Germany's Christian Democrats said today that an independent audit found $6 million in illegal party donations whose sources cannot be traced, raising the possibility that secret slush funds managed by former chancellor Helmut Kohl could have been much larger than he has acknowledged.

Party Chairman Wolfgang Schaeuble called the discovery of the illicit funds "a very grave problem that represents an existential crisis for our party and a danger for our nation's democracy." He declared that the Christian Democratic Union is determined to enact reforms that ensure "nothing like this will ever happen again."

Schaeuble backed away from earlier threats to take legal action against Kohl, who has acknowledged handling illegal accounts worth up to $1 million in the five years before he was voted out of office in 1998. Kohl has spurned all entreaties from the party to defuse the crisis by complying with the law and identifying the donors, saying he promised them he would keep their names secret.

Instead, Schaeuble said the party would sue its former accountant, Horst Weyrauch, a close ally of Kohl who created the system of slush funds and who has been implicated in laundering money for the Christian Democratic Union through banks in Switzerland and Liechtenstein.

The long-awaited audit, carried out by the firm Ernst & Young, was supposed to clarify the party's funding practices and point the way toward a resolution of the scandal. Instead, the findings brought the party no closer to tracing the origins of the illegal donations and appear to have deepened the mystery about the nature of the slush funds.

Matthias Wissmann, the party treasurer, said the auditors identified slightly more than $1 million in unaccounted funds between 1993 and 1998, which corresponds to the amount that Kohl has said he handled in secret funds during those years. Kohl said the money was earmarked largely for local party chiefs in eastern Germany to build up party allegiance in a region where the Christian Democrats were weak and former communists were making strong gains.

But Wissmann, following a marathon party strategy session that began Sunday night and ended early today, said that another $5 million in untraceable funds was identified for the years 1989 to 1992, a period Kohl has never mentioned in describing his secret accounts.

Since they have failed to persuade Kohl to reveal the sources of the slush funds, the Christian Democrats decided to sue Weyrauch in an effort to compel him to identify the sources. Besides setting up Kohl's accounts, Weyrauch created special accounts in Switzerland and Liechtenstein that were used for the party's branch in the state of Hesse. Roland Koch, the Hesse party leader, said at least $7 million in illicit donations was stashed in a Liechtenstein account under the name of the Wren Foundation. Weyrauch was one of only two people with access to those funds.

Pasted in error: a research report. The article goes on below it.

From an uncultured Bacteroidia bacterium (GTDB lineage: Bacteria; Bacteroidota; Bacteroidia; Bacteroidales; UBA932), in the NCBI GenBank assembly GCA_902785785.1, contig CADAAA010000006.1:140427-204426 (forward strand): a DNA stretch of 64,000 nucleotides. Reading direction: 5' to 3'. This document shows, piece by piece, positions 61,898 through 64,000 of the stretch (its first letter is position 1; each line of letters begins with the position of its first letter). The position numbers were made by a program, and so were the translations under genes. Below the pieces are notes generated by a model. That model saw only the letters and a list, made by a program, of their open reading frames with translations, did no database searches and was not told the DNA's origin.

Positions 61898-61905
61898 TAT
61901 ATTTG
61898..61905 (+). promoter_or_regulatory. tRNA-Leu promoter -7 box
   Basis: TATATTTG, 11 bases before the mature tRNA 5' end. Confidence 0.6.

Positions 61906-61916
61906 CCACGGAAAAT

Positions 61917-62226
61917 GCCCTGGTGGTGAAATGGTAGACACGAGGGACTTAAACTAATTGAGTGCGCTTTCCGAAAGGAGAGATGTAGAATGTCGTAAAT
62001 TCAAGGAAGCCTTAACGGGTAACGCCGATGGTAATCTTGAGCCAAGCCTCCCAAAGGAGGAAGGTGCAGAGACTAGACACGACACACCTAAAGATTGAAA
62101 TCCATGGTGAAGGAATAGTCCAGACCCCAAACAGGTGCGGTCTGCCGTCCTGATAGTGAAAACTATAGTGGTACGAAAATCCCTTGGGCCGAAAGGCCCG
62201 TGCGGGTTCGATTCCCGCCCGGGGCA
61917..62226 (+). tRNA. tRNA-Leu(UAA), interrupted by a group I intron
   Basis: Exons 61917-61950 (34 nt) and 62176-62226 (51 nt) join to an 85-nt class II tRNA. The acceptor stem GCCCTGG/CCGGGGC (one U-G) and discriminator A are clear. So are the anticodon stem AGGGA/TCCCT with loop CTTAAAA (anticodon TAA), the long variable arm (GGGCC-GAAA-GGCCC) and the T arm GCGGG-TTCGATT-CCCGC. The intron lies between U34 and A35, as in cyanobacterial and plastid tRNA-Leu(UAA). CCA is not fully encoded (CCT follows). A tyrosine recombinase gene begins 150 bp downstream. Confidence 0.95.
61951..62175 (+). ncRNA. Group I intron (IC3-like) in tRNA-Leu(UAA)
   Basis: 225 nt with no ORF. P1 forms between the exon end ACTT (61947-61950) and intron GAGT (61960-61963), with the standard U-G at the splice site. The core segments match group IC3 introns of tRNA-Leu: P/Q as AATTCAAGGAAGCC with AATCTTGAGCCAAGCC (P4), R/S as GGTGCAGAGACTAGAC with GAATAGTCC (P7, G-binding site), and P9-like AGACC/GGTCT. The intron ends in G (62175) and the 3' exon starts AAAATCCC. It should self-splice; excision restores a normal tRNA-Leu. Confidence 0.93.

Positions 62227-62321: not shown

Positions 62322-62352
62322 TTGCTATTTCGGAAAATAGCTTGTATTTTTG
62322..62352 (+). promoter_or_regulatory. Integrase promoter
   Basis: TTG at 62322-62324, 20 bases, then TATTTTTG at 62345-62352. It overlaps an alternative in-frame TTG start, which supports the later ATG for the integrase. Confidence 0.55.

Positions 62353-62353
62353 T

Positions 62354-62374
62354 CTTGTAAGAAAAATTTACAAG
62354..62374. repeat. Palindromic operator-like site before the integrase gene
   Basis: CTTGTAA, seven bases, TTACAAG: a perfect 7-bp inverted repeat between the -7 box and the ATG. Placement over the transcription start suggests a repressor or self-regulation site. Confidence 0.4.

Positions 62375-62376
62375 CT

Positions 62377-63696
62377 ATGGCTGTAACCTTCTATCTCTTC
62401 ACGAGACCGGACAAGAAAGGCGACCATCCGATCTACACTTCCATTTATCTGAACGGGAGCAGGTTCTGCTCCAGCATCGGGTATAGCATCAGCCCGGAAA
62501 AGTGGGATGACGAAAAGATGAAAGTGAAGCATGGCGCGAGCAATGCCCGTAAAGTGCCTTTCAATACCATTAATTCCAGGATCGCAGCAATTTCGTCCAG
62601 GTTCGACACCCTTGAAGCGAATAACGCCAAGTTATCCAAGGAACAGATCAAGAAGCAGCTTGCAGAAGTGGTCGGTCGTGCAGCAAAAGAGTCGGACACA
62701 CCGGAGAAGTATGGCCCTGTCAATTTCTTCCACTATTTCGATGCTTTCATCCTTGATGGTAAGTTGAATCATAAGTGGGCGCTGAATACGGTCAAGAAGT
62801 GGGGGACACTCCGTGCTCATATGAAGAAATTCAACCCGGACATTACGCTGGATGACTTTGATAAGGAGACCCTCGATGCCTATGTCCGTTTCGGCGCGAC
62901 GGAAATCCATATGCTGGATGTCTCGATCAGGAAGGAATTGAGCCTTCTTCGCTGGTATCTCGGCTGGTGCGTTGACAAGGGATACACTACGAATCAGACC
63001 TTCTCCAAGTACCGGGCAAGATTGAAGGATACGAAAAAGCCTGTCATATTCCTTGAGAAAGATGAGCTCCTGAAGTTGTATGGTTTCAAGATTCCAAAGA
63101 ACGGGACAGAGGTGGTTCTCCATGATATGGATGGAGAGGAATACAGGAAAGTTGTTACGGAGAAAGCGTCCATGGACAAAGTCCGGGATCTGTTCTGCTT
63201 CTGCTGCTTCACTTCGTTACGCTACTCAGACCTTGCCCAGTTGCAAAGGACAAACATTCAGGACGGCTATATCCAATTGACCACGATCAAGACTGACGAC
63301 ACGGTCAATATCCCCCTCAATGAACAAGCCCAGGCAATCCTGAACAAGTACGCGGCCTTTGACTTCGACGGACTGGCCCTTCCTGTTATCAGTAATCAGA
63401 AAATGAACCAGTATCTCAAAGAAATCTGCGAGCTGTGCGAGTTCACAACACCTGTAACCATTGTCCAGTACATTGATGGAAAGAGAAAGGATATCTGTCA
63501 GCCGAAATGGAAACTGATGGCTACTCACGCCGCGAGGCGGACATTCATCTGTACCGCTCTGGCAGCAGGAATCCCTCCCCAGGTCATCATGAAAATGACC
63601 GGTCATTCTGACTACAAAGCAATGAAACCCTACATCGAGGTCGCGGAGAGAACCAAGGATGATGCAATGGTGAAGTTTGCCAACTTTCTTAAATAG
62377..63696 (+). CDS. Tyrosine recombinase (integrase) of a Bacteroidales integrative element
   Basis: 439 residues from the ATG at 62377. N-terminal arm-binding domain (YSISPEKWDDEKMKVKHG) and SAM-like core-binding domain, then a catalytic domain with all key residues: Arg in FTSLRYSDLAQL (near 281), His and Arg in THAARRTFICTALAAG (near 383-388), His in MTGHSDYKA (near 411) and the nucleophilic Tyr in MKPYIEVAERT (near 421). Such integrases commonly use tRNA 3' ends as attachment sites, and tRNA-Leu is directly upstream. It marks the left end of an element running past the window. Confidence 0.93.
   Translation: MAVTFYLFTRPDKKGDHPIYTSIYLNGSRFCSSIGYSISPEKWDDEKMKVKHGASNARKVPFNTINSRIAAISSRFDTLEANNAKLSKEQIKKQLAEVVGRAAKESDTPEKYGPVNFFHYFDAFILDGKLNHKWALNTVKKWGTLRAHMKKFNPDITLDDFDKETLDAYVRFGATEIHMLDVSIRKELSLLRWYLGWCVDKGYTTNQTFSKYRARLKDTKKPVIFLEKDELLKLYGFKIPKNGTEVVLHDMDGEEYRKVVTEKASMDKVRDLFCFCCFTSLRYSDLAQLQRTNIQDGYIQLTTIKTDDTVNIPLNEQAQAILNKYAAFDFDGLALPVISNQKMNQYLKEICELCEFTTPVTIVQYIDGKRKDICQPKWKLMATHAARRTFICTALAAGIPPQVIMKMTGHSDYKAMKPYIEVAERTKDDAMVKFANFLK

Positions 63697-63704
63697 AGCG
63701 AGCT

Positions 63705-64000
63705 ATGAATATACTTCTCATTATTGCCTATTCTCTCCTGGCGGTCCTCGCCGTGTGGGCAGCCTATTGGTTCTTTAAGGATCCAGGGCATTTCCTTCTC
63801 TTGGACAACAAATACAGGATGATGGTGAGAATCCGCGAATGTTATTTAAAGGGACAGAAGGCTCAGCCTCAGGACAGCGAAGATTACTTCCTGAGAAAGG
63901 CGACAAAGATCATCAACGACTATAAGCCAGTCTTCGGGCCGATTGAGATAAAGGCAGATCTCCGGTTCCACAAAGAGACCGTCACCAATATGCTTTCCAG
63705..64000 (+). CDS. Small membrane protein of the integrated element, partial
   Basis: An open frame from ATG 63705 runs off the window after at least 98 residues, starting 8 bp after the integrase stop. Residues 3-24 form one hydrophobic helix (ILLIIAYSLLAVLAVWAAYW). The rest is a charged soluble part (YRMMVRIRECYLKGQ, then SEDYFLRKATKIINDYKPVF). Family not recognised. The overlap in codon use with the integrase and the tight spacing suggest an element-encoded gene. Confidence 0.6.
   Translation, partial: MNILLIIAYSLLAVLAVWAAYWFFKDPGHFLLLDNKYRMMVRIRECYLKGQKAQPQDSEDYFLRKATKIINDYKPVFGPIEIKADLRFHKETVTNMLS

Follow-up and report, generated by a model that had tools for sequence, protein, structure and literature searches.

Kohl has refused to identify the sources of the money, declaring he had given his "word of honor" to the donors. But some party members speculate Kohl may be reluctant to name the sources because rather than coming from individual donors, the funds may have been the result of commissions or kickbacks that could be related to decisions made by his government. That could make Kohl vulnerable to indictment on bribery or corruption charges.

Eckart von Klaeden, a Christian Democratic legislator who is one of the party's top legal experts, said he found Kohl's version of events difficult to believe. "If these people were respectable citizens of our land, as Kohl says, they would have freed him from this word of honor a long time ago," he said.

A parliamentary investigation will be expanded to examine whether French President Francois Mitterrand urged France's then state-owned energy firm Elf Aquitaine to channel $15 million into secret CDU coffers to support Kohl's 1994 reelection campaign. French and German television reported that the funds could be part of $40 million in missing commissions from the sale of the Leuna oil refinery in eastern Germany to Elf Aquitaine.

Documents pertaining to the deal disappeared from the chancellor's office shortly before Kohl left office.

The government of his successor, Social Democratic leader Gerhard Schroeder, has vowed to track them down.

A Kohl spokesman called the Elf Aquitaine report "another attempt at character assassination," and French Foreign Minister Hubert Vedrine, who served as Mitterrand's chief of staff, said he had never heard about such a transfer.

But last month, the French weekly Paris Match published part of a letter in which Kohl asked Mitterrand to intervene and ensure that Elf would buy the refinery.

"I would be extremely obliged if you would use your personal influence so that Elf carries out this project, without hesitation, as envisaged by the contract," Kohl wrote.

The Leuna purchase by Elf was touted by Kohl as a crucial move to implant a French presence in eastern Germany--with control over a key dimension of the country's energy grid--so that France would feel reassured about Germany's desire to maintain a special partnership with Paris even as the government and the nation's center of gravity shifted east to Berlin.

During their 13 years in power together, Mitterrand, who died in 1996, came to regard Kohl as a partner in building European unity and believed that sustaining his leadership was an important guarantee that a reunified Germany would carry out its promise of sacrificing the German mark in favor of a single European currency, the euro.

CAPTION: Christian Democratic leaders who failed to persuade former chancellor Helmut Kohl to reveal slush fund donors' names are suing the party's former accountant.